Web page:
In addition to this, GPs reported specific patient resources that need to be included (Fig3), all quite substantial and distinct topics not readily assimilated into groups. The majority of GPs also indicated the mechanisms and management of radiation-induced skin reactions was a topic that should be explored in the training material.
The initial response rate to the surveys was encouraging; however, this was not sustained and the low (22%) overall response rate limits the generalisability of the study. There may be a number of reasons for the low response rate, such as the heavy workloads of rural GPs, and a perceived lack of need for further knowledge of RT. However, with well over 300 GPs responding from a cross-section of NSW, the sample was successful in representing the target audience. The distribution of responses within area health services were generally evenly distributed within larger populated regions.
The areas surveyed were key areas of importance identified by a quality assurance project completed within the CMN Radiation Oncology Department; this project involved patient, clinician and radiation therapist input. In interpreting the results of this study it is important to note that the instrument used was not a validated survey. While the domains investigated were generated from patient and clinician input, it is possible that not all areas were addressed. However, respondents were given the opportunity to raise other concerns in open-ended questions. The results were analysed qualitatively and will contribute to the design of the educational intervention to follow.
The results indicate that many rural and remote GPs have cared for a patient about to undergo RT, or one who has completed a course of RT. Most importantly, very few of the practitioners felt they had sufficient knowledge to inform and support such a patient. This indicates a need for information available to rural and remote GPs about the general concepts of and practical information on RT, for both professional use and distribution to patients.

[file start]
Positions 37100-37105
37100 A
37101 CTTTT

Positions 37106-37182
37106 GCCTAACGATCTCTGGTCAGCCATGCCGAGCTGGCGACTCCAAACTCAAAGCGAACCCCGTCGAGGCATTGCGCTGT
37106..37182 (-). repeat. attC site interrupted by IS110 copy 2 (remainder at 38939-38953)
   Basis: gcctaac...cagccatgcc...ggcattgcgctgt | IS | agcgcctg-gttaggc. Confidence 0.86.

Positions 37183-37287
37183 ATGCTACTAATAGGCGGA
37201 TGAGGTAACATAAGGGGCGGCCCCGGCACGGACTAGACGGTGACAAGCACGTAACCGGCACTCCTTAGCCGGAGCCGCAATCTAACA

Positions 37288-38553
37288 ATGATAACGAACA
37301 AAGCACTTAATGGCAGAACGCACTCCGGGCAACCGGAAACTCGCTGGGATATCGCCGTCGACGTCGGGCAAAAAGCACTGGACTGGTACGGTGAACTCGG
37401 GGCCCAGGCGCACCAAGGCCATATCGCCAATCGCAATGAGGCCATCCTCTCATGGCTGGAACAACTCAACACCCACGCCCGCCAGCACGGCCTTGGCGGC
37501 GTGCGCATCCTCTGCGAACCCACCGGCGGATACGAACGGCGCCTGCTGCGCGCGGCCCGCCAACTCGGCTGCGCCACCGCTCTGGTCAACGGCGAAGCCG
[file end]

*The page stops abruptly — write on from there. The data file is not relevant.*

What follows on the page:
This project identified a definite need for an educational strategy to be implemented that addresses all key areas explored in the survey, as well as site-specific treatment reactions and survival statistics. The next stage of this project will involve the development, distribution and evaluation of an educational strategy. The final stage of the project will include a post-intervention survey to assess if any improvement in GP knowledge has been sustained as a result of the educational package. Future projects could explore whether the planned educational strategy could have a measurable impact on patient care.
Although this project will endeavour to use all relevant data and comments in the design of the information packages for rural GPs and their patients, it must be noted that the needs of these groups vastly outweigh the resources of this project. This project will address the deficit of available resource material for rural and remote GPs in NSW. It will endeavour to provide an overview of RT practice for them and their patients, as well as information and training on assessing and managing radiation-induced skin reactions.
This study was funded by the New South Wales Institute of Rural Clinical Services and Teaching and NSW Health, Australia.
1. Australian Institute of Health and Welfare. Cancer in Australia 2001. Australian Institute of Health and Welfare & Australasian Association of Cancer Registries. Canberra, ACT: AIHW, 2004.
2. Tracey E, Roder D, Bishop J, Chen S, Chen W. Cancer in New South Wales Incidence and Mortality 2003. NSW Cancer Registry. Sydney, NSW: NSW Cancer Institute, 2005.
3. Rubin P, Williams JP. Clinical oncology: a multidisciplinary approach for physicians and students, 8th edn. Philadelphia, PA: WB Saunders, 2001.
4. Baume P. Radiation Oncology Inquiry. A vision for radiotherapy. Canberra, ACT: Commonwealth of Australia, 2002.
5. American Society of Radiologic Technologists. Introduction to Radiation therapy practice standards. Albuquerque, NM: American Society of Radiologic Technologists, 2004.
6. Perez C, Brady L, Halperin E, Schmidt-Ullrich R. Principles and Practice of Radiation Oncology, 4th edn. Philadelphia, PA: Lippincott, Williams & Wilkins, 2004.
7. Hymes S, Strom E, Fife C. Radiation dermatitis: clinical presentation, pathophysiology, and treatment 2006. Journal of American Academy of Dermatology 2006; 54: 28-46.
8. Mallinger J, Griggs J, Shields C. Patient-centered care and breast cancer survivors' satisfaction with information. Patient Education and Counseling 2005; 57: 342-349.
Appendix I: Distributed survey